Monopolistic Competitive Market
The term market refers to the place where buyers and sellers meet to engage in transactions that entail the exchange of goods or the provision of services for a consideration. A market is not only characterized by a building where people carry out business transactions. This is because any place that people carry out commerce can be referred to as a market. A market is characterized by various mechanisms that facilitate trade. These mechanisms usually pertain to the supply and demand of products and services (Bergin, 2005). From this explanation it should be clear that a market is comprised of three main elements. The sellers these are the people who bring the products or services to the market to be procured by the willing buyers. At this stage it is imperative to highlight that in most cases sellers are the produces however in other instances the sellers are not necessarily the producers instead they can be traders. The second element of the market is the buyers. Buyers are individual who are willing and able to acquire the products or services being offered at the prevailing market price. Buyers are of two types; there are those that buy the products or services for their own consumption and there are those that buy the products or services in order to resell them in different markets. The buyers who buy the products for their own consumption are referred to as consumers whereas buyers who buy the products or services in order to resell them in different market are commonly referred to as trades and they can also be called arbitragers (Nicholson & Snyder, 2008). The third element of the market is the products that are being traded. The term product can be used to refer to either goods or services that are being offered in exchange for a consideration. The term product can also be used to refer to commodities only.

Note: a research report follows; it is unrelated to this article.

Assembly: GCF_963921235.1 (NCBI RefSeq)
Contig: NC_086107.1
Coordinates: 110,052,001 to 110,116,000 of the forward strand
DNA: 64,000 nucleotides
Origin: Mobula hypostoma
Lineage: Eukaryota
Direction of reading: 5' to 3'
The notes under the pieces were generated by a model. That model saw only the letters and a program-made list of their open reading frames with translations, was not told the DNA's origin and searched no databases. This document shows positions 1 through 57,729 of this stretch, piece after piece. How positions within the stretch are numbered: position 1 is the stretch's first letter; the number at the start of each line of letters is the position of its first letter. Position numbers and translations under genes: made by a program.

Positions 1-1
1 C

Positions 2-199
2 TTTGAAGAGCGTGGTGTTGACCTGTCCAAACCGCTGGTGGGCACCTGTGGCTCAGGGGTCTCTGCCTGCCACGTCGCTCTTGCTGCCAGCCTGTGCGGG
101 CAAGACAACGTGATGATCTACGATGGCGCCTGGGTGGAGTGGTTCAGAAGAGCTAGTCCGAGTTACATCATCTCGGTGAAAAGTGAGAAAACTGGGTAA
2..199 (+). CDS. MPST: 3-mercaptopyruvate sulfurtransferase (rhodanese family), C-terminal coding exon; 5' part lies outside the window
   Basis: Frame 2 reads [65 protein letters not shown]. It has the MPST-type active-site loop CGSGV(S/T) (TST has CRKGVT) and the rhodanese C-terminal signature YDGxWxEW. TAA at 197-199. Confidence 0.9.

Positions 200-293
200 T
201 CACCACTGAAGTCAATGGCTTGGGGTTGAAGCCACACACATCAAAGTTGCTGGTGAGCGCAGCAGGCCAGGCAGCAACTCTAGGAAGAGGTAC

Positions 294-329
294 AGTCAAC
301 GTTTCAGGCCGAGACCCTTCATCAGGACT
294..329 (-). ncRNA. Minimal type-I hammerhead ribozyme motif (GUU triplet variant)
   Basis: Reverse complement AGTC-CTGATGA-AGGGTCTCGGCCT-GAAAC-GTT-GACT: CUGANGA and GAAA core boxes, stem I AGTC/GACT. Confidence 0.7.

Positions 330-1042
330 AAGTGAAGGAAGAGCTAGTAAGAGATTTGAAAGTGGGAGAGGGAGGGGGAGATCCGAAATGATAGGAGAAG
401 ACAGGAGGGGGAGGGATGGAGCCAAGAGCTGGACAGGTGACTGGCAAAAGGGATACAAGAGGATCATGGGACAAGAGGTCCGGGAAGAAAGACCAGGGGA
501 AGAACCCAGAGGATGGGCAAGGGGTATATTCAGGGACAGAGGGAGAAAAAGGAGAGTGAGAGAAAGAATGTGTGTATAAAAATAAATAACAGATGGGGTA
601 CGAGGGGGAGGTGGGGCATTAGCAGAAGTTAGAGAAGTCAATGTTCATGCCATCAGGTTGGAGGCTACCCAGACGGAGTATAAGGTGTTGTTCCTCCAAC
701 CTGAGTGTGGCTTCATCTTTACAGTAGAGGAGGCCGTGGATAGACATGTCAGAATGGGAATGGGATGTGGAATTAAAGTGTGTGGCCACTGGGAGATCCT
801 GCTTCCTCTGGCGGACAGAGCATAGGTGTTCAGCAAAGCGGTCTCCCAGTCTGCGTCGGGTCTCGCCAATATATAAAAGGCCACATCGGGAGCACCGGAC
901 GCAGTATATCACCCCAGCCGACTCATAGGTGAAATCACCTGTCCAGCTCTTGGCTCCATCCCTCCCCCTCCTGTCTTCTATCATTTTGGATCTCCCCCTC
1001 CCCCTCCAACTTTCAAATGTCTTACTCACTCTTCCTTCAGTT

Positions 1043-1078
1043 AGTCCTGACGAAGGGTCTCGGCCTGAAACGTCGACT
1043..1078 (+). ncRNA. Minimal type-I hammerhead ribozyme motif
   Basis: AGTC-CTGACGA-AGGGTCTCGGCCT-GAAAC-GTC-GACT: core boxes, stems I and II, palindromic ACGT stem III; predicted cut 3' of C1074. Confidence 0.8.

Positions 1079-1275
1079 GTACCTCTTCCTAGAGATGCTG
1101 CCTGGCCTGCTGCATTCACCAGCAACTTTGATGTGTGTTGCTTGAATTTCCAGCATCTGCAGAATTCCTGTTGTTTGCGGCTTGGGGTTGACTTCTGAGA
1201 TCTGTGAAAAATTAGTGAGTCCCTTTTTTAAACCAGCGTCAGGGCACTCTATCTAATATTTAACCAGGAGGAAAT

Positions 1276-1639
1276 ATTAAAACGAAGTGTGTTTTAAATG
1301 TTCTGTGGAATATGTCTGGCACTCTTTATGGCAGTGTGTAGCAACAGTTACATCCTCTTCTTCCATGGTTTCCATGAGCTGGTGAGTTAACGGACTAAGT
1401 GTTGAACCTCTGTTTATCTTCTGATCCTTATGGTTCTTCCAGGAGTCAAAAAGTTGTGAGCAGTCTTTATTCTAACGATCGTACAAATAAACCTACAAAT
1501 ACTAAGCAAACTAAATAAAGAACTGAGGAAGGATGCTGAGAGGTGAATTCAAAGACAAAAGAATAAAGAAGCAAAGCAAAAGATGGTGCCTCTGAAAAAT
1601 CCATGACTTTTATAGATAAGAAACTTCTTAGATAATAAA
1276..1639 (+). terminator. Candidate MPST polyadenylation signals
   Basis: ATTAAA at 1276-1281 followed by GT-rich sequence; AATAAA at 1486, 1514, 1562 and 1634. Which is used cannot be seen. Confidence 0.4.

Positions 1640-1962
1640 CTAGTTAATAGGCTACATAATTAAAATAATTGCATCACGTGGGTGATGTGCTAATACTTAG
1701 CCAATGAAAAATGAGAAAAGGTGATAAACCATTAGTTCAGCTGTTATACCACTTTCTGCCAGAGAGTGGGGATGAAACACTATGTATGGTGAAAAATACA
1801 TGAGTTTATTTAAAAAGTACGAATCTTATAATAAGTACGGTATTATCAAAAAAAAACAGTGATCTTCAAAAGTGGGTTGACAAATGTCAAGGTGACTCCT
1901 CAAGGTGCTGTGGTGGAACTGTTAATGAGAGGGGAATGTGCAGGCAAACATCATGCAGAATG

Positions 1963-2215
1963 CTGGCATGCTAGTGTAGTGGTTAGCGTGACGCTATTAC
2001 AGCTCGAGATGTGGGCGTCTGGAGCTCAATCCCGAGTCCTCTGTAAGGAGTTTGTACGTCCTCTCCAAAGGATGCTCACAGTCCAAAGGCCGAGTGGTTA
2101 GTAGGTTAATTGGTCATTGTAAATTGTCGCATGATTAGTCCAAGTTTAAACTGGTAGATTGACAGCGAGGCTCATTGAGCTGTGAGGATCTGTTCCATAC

One of the general objectives of this paper is to facilitate the readers of this document to gain an understanding of how markets work and most importantly how a monopolistic competitive market works. This paper will achieve this through briefly discussing various types of markets and their characteristics.
Another general objective of this paper is to compare and contrast the various characteristics of the different forms of market structures. This will serve to enable the readers to carry out a comparative analysis of the various forms of market structures thus they will be able to enhance their knowledge on market structures. This objective will be attained through the analysis of the factors, which are mainly in play for the existence of a particular form of market. The paper will also seek to analyze how the various factors in such markets interrelate in order to develop a market mechanism for that form of market structure. This is because all forms of markets structures have market mechanisms. These market mechanisms are usually as result of the interaction of various factors that are both internal and external to a particular market.
One of the specific objectives of this paper is to discuss the conceptual theory of a monopolistic competitive market. The discussion of the monopolistic competitive market entails analyzing the various factors that characterize this particular form of market structure. This is will be important form enhance the knowledge of the readers of this paper, on monopolistic competitive market structure. The discussion of the conceptual theory will also enable the readers to have a good basis for analyzing and responding to questions that relate to monopolistic competitive market structure.
Another objective is to discuss the characteristics of a monopolistic competitive market. The discussion of the characteristics of a monopolistic competitive market structure is important because it will serve to explain how the various factors involved in this type of market structure...
References: Bergin, J. (2005). Microeconomic Theory: A concise Course. New York: Oxford University Press.
Dwivedi, D. N. (2006). Microeconomics: Theory & Applications. New Delhi: Dorling kindersley.
Jehle, G. A., & Reny, P. J. (2011). Advanced Microeconomic Theory. New York: Pretence Hall.
Mandal, R. K. (2007). Microeconomic Theory. New Delhi: Atlantic Publisher.
Nicholson, W., & Snyder, C. (2008). Microeconomic Theory: Basic Principles and Extension. New York: Cengage Learning.
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